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best book to learn VBA

This is a discussion on best book to learn VBA within the General Excel Discussion & Other Questions forums, part of the Question Forums category; What book have you found to be the best to learn VBA and why? Thanks, Tom...

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    Default best book to learn VBA

    What book have you found to be the best to learn VBA and why?

    Thanks,
    Tom

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    I like Walkenbach's Power Programming with VBA.

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    I second Mike's recommendation, but would also highly recommend Excel 2002 VBA Programmer's Reference by Bullen, Bovery, Green and Rosenberg (if you have xl2007 they have a version specifically targeted at this version too).
    Richard Schollar

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    Another one that I like is VBA and Macros for MS Excel by Bill Jelen (Mr Excel) and Syrstad

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    My two favorites (and at the same time the only books about VBA that I have ) are:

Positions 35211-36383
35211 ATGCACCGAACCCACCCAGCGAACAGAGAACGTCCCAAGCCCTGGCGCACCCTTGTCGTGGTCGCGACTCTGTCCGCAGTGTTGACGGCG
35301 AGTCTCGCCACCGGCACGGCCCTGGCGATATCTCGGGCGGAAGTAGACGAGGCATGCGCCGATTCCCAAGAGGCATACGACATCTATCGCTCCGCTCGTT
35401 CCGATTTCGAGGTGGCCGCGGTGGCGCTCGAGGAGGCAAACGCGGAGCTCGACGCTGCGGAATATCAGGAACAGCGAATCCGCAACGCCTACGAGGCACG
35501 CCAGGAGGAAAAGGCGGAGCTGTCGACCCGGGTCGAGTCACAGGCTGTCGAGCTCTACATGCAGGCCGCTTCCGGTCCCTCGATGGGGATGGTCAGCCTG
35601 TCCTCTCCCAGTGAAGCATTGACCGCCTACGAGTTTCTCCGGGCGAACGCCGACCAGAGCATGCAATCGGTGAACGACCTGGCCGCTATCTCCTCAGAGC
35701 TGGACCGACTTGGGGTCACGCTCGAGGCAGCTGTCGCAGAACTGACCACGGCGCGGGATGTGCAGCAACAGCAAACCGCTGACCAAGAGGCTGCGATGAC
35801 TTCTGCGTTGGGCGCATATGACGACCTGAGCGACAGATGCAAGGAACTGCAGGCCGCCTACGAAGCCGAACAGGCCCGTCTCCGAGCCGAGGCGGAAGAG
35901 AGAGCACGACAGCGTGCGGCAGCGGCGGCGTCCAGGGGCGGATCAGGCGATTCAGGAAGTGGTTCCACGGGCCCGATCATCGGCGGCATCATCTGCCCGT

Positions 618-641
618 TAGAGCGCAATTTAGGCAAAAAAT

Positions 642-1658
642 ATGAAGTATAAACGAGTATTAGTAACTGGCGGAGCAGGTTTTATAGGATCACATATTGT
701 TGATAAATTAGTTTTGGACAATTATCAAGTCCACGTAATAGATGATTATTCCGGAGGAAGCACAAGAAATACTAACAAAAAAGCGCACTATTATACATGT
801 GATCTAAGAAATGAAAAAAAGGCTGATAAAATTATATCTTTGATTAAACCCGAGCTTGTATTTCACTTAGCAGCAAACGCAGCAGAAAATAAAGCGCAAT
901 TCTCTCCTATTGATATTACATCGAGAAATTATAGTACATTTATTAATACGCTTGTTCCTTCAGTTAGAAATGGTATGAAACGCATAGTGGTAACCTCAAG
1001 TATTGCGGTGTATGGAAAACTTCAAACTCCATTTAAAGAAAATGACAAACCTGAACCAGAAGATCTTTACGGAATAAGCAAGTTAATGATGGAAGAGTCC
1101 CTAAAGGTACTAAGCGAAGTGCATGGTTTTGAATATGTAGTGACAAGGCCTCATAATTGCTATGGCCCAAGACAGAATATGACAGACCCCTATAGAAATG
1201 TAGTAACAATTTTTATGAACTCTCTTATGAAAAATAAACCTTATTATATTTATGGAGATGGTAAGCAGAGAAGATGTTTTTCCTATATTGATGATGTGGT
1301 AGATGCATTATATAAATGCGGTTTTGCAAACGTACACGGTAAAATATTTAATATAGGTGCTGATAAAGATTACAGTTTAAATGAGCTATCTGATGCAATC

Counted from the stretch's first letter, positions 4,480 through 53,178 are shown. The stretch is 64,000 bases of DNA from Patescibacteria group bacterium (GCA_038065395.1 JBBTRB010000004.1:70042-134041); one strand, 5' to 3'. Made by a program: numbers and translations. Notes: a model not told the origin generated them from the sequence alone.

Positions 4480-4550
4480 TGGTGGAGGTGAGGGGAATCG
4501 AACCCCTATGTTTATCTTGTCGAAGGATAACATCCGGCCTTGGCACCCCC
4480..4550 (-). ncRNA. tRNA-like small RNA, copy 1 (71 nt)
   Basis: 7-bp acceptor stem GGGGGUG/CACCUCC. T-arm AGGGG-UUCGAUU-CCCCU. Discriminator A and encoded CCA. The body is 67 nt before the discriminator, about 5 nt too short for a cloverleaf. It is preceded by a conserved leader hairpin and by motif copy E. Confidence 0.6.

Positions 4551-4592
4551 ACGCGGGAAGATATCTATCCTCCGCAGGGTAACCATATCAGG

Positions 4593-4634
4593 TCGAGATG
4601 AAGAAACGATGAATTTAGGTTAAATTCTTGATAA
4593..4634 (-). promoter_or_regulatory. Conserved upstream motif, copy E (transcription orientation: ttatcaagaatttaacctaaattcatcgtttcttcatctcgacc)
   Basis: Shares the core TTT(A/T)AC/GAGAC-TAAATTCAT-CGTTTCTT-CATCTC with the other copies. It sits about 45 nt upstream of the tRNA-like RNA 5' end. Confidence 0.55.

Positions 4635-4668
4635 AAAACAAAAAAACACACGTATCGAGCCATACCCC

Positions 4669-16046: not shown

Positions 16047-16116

- Programming Excel with VBA and .NET (Steve Saunders & Jeff Webb, O'Reilly)
    - Professional Excel Development (Stephen Bullen & Rob Bovey & John Green, Addison Wesley)

    I'm planning to buy some more sometime, so I'm watching this thread for good ideas...
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    I have the 2007 version of Richard's recommendation - yes it is good but I would imagine very hard going for a novice.

    Take a look at this http://www.add-ins.com/vbhelp.htm which is excellent if you wish to learn by example. You can copy and paste then modify the examples. It doesn't cover everything but in my opinion is great to get you started. I still refer to it from time to time.
    HTH, Peter
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    I will pile on...

    John Walkenbach's "Power Programming with..." (pick your version) are excellent for anyone starting from a VBA novice up to the expert or near-expert level. There is enough introductory material on using Excel without VBA (three chapters out of 30 in the XL2K version, 4/31 in the XL07 edition that I have picked up but not yet gone through) that he can proceed on the assumption that everyone is at a reasonably competent Excel user level. From there, the book goes up to a very advanced level, including controlling other applications from Excel, developing complete applications, etc.